HOFFMAN V. YOUNG.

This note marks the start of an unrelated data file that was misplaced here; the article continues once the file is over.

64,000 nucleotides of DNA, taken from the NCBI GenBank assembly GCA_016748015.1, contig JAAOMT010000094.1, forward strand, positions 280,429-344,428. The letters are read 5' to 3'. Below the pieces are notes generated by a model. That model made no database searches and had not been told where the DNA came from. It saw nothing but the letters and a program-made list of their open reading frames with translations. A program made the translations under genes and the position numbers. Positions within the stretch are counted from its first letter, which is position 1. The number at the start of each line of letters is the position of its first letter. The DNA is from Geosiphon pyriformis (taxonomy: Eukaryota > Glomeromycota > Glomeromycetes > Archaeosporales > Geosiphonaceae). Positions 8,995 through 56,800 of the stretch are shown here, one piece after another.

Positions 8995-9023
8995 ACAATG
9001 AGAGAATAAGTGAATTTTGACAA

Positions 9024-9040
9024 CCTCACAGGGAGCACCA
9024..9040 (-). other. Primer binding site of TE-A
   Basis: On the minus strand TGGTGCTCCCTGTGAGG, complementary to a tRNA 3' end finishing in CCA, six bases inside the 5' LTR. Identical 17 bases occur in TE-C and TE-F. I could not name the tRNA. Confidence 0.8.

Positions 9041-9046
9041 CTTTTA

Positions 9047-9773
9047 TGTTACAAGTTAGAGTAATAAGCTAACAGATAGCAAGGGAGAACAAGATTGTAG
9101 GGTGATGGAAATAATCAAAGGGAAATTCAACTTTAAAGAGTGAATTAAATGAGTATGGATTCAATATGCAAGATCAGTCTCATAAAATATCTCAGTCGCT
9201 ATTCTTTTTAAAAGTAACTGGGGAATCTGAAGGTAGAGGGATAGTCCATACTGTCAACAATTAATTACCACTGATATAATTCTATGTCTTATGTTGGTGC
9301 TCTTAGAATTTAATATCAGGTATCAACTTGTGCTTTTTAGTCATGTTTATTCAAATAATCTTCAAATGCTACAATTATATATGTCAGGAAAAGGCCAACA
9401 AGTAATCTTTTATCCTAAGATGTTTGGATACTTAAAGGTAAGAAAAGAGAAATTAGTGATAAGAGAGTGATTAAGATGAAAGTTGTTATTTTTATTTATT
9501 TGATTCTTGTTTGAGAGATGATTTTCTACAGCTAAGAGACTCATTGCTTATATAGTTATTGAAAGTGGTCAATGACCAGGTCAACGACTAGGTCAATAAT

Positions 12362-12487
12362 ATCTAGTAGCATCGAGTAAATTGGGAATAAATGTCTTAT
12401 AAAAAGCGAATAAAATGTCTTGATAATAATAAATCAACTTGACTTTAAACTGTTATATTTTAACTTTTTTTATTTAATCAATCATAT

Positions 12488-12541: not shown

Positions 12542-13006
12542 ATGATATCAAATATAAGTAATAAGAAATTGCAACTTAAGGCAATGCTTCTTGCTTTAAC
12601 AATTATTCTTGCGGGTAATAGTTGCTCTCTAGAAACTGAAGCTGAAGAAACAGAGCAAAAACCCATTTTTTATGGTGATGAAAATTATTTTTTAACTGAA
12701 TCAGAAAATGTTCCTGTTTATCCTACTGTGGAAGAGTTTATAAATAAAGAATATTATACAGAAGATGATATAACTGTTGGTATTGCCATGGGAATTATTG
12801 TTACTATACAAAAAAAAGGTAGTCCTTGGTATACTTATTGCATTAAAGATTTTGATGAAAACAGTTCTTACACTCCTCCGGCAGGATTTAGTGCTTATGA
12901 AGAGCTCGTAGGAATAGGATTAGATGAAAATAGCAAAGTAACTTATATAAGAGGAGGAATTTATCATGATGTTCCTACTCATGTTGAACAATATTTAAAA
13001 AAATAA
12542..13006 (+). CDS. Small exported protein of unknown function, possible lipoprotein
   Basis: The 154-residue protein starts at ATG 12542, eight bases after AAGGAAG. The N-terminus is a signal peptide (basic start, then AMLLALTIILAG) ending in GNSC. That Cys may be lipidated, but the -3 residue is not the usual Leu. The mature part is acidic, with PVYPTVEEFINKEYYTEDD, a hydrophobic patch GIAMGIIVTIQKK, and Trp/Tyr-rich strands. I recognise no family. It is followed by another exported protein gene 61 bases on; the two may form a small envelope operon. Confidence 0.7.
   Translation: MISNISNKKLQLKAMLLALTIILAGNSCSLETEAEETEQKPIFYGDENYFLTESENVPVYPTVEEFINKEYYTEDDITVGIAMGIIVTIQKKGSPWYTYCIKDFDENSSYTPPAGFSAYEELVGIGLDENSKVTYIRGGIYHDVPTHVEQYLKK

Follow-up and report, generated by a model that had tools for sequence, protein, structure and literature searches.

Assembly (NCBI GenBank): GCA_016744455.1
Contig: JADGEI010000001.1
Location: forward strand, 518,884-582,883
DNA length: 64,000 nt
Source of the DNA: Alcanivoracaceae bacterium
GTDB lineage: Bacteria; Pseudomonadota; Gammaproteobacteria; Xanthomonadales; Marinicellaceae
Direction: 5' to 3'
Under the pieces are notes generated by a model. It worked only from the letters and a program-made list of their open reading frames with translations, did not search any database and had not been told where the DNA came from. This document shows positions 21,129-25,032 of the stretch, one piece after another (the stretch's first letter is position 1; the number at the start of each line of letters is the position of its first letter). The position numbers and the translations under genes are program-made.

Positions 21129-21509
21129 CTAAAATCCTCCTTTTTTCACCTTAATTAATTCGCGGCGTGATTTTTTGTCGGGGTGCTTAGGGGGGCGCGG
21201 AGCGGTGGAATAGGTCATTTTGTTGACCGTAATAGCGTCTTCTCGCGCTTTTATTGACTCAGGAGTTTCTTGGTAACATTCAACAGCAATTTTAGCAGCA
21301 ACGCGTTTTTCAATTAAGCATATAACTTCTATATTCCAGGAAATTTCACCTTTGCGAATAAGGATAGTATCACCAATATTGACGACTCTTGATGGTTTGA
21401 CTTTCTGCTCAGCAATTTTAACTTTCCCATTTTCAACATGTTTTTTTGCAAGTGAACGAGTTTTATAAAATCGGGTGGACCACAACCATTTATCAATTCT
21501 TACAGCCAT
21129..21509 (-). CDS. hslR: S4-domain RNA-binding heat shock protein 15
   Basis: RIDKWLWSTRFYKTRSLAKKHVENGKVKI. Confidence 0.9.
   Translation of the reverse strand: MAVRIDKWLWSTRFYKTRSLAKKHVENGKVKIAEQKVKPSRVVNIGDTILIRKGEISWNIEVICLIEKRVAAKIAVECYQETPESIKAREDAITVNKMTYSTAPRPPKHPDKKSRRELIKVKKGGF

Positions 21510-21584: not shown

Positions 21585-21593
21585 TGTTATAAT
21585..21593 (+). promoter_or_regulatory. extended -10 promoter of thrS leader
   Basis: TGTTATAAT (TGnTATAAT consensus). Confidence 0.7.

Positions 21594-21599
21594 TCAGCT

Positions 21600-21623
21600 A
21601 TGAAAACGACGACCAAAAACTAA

Hearing on bill, answer and proofs. This was a bill in equity to restrain the alieged infringement of a patent. The facts are sufficiently stated ill the opinion. Allen H. Gangewer, for complainant. G. Morgan Eldridge and Win. Ernst, for respondent. BUTLER, D. J. On November 20, 1877, letters patent No. 197,369, for an "improvement in tripod heads for surveyors' instruments," were issued to the complainant, the claims in which are as follows: "F'irst, the combination with the plate A, having central opening a, and the plate 0, having the socket c, extending through said opening of the ball D, having threaded neck d, the levelling screw-plate E, having ball fl, and the instrument-plate F, having neck c and socket h, substantially as specified. Second, the combination with the base-plate A, having central opening a, and the socket-plate c, having neck c, of the carrying-plate B, having aperture b, fitting said neck, and the levelling mechanism of a tripod head, substantially as specified. Third, a tripod head, having a ball and socket-joint for the base plate, in combination with the instrument-plate F, having a spherical bearing g h, concentric with said ball and socket-joint, and levelling-plate E, substantially as specified." The object of the invention, as stated in the patent, was "to devise a tripod head of such construction that it may be levelled with absolute accuracy and expedition, and may be adjusted horizontally for bringing the center of the instrument over a fixed point on the ground, whatever be the nature of the same or its inclination." The bill charges the respondent with infringing this patent. The answer, as originally filed, (virtually admitting the validity of the patent,) denies the allegation of infringment; alleges that the respondent's tripod heads are made in pursuance of letters issued to himself on April 20, 1878; and, also, that he has a license from the complainant. By amendment, the validity of complainant's patent is attacked, and his instrument declared to be a combination, simply, of those of William